Usually, when an album is this passionate and sensational, you get a jaw-droppingly emotional ballad in the middle of it…and that ballad is “The Garden Of Love“. The instrumentation is pretty lo-fi and Tally’s voice takes the spotlight from all other elements. With the backing harmonies and layers she recorded, you get an idea of how she weaves her voice into an instrument that’s full of twang and resonance that can melt your heart with their emotional delivery. The song has a flute solo before the final chorus which unexpectedly had some lowkey jazz/swing vibes…this track had me speechless. Another ballad, “Both Sides Now“, has a piano arrangement and ascending levels of vocal power- a strong contender for an international hit single if you ask me. The song’s vocal line made me want to sway and sing along to it because of all the beautiful and eargasmic moments…the tiny hairs on the back of my neck were raised by this one. The following track, “I Am Calling You“, brings back the drum machines and the breathy icy cold vocal timbre. It’s as if Tally wants to transmit the feelings of estrangement and loneliness to us more than anything…she’s performing through emotion, and yet she never fails her technique or has a lackluster moment.

 

When The Fields Are Burning” has backing vocals and a groovy guitar chord progression that add to its already catchy lyrics and vocal line. “Free Will” is a reissued track that perfectly paints the mental picture of fear of the unknown and the presumption that it will all be negative and hurtful events based on traumatic past experiences. It’s a heartbreaking narrative but it’s so honest and authentic that it will stick with you from the first listen. “If I Could Write a Love Song” is a romantic and heartfelt piece that starts with piano and soft percussion, with other elements like the guitar and orchestration joining in on the second verse. There’s a part in the bridge where Tally does what’s probably her highest note in the entire album…and I was amazed by the power and passion in her execution even though we are 12 tracks in- this woman knows how to command my every emotion with her singing. The thirteenth and final track is the deluxe version of “Two Kisses” which has Tally’s characteristic wailing sound that’s resonant and heart-piercing, but some grounded and chesty parts during the verses too. It’s as if two of her (many) vocal abilities are conversing with each other. This song has a slightly different vibe from the rest of the album in how dramatic its orchestration sounds and how the production of the piano is slightly different than that of the previous tracks.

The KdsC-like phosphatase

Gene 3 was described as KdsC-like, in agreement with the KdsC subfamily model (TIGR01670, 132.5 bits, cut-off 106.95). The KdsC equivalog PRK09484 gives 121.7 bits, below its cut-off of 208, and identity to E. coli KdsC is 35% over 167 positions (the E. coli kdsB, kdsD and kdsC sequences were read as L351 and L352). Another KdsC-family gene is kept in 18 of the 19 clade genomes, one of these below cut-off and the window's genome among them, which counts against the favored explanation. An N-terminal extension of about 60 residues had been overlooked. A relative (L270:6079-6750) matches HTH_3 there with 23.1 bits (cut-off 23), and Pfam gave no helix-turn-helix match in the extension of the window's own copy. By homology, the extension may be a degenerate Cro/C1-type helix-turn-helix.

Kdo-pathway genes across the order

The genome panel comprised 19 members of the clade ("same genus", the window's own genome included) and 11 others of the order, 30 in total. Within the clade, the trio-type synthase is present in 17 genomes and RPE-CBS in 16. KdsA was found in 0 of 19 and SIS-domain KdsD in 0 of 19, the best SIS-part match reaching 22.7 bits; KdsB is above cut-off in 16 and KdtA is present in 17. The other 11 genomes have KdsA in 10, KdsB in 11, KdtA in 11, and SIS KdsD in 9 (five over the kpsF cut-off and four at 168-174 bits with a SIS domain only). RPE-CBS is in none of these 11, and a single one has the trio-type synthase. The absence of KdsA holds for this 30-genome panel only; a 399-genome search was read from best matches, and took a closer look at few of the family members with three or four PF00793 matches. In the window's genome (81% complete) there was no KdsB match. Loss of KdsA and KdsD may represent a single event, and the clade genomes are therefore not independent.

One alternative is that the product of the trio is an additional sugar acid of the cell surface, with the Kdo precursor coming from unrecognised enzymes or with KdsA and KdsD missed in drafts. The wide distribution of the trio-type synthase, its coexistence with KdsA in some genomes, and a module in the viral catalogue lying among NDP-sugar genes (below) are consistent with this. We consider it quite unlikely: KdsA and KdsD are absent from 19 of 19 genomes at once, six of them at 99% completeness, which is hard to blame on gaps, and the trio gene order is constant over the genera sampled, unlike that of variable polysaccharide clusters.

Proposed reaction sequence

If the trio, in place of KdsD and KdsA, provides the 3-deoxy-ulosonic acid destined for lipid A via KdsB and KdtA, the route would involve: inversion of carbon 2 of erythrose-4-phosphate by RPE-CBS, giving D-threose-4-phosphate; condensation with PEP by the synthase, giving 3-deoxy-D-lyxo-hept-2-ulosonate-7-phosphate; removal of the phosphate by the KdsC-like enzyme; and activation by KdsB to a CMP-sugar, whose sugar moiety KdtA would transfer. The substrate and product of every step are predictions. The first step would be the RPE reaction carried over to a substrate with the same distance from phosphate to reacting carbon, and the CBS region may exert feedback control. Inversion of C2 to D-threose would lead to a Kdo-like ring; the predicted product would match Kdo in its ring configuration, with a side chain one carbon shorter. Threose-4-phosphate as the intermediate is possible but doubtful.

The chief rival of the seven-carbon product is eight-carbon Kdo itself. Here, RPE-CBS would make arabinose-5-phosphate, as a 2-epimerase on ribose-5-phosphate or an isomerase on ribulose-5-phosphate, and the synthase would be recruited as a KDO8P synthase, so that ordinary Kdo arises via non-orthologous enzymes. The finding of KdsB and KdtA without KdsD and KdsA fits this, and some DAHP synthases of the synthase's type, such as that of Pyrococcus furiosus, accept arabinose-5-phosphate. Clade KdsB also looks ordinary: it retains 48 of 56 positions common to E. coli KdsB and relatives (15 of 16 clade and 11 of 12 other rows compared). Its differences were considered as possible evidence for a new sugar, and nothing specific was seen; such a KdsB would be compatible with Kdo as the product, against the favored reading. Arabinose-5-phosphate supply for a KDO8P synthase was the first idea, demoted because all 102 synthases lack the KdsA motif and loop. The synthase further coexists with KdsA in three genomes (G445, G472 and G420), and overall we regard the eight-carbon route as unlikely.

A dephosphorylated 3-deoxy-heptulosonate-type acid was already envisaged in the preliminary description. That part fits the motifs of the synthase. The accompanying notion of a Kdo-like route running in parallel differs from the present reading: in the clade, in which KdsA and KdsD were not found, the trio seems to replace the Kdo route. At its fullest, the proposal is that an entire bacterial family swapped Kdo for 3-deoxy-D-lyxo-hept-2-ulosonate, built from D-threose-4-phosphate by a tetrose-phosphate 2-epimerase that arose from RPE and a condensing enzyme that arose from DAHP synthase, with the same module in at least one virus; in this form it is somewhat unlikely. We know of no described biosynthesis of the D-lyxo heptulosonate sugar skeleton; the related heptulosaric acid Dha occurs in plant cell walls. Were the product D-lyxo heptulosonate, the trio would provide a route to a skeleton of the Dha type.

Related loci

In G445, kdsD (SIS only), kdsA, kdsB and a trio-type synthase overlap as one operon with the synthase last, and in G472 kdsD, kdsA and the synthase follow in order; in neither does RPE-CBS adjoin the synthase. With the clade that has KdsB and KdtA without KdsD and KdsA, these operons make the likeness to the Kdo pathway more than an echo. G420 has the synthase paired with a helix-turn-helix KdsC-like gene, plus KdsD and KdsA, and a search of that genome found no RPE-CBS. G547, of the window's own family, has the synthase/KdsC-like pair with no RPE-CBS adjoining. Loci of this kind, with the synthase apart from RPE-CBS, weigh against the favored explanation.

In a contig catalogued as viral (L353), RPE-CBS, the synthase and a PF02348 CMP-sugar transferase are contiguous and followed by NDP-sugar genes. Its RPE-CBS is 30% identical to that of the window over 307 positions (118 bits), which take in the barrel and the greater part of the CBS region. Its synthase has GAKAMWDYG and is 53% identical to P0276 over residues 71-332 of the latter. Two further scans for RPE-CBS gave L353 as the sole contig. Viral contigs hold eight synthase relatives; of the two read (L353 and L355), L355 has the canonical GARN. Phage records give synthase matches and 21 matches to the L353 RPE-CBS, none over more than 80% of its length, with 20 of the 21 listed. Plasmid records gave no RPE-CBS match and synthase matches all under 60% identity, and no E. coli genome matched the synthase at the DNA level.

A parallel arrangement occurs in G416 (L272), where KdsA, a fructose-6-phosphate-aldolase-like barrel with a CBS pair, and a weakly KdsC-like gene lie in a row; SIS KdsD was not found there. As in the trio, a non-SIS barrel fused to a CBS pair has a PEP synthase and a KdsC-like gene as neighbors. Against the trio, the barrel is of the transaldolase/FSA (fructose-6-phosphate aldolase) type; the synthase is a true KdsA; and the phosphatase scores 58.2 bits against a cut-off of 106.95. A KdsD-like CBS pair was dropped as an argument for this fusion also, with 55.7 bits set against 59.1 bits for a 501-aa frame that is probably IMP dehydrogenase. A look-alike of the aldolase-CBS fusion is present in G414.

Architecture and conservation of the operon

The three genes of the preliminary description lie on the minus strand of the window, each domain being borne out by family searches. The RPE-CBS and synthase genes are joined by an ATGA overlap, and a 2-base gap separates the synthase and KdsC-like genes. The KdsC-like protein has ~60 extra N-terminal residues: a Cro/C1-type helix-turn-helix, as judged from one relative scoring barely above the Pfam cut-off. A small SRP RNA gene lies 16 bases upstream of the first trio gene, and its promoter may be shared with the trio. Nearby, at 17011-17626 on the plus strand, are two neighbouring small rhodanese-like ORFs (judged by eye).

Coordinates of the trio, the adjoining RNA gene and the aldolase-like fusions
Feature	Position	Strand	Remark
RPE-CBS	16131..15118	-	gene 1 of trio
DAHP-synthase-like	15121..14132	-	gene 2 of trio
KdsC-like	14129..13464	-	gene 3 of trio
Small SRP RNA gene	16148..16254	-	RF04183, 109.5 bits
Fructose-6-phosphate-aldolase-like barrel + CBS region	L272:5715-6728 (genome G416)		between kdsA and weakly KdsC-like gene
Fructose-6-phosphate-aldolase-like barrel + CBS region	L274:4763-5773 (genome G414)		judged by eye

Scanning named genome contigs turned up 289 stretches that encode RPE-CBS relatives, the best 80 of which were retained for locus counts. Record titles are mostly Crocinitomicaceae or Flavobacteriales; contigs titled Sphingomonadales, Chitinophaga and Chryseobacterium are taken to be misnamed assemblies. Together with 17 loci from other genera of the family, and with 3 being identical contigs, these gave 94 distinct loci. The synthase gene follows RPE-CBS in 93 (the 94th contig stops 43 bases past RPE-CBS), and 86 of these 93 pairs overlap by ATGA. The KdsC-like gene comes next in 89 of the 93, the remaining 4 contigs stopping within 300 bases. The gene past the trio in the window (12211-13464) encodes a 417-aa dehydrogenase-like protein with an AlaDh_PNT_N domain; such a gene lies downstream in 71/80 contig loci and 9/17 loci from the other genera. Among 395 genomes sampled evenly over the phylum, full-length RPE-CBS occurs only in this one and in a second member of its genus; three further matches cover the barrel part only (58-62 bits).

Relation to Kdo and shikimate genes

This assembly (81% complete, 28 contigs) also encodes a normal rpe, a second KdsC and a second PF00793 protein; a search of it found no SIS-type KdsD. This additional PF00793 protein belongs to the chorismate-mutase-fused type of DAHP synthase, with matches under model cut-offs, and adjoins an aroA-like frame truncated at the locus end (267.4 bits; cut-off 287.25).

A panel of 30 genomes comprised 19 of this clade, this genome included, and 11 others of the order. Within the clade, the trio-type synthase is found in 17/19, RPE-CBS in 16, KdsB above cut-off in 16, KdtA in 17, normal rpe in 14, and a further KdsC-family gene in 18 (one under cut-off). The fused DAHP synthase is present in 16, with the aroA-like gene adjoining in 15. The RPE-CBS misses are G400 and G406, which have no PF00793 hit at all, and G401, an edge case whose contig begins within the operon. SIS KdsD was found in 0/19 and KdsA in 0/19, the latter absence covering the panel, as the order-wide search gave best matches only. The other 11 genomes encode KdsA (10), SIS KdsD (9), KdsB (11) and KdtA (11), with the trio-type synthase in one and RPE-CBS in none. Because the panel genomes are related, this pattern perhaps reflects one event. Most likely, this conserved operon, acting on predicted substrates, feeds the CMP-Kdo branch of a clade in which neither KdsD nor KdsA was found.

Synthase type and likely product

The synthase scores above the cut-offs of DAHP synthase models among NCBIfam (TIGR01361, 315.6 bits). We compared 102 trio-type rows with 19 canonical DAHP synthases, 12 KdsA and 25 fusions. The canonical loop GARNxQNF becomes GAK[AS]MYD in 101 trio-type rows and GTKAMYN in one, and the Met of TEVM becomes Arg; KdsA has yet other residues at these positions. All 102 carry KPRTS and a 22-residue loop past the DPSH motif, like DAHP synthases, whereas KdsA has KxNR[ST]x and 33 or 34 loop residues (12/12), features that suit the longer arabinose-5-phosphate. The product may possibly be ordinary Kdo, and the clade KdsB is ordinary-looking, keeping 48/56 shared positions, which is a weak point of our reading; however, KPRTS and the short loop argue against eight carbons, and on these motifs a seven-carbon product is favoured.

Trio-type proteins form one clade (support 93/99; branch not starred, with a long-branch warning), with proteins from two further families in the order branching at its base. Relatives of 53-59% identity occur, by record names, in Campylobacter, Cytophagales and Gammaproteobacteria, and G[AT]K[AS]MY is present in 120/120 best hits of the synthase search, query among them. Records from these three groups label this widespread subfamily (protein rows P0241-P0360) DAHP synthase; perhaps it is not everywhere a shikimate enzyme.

All in all, this is a miraculously emotional album with so many layers and so many empowering moments. The rollercoaster that Tally Koren takes her listeners on is well-planned and well-executed despite being a wild ride. This woman knows her strengths and knows well how to strike us with powerful moments and then put us in a sad state with delicate and lengthy verses…all I can say is that this masterpiece of a record will have you feeling so many emotions and then wondering why Tally Koren isn’t the megastar and A-lister she deserves to be.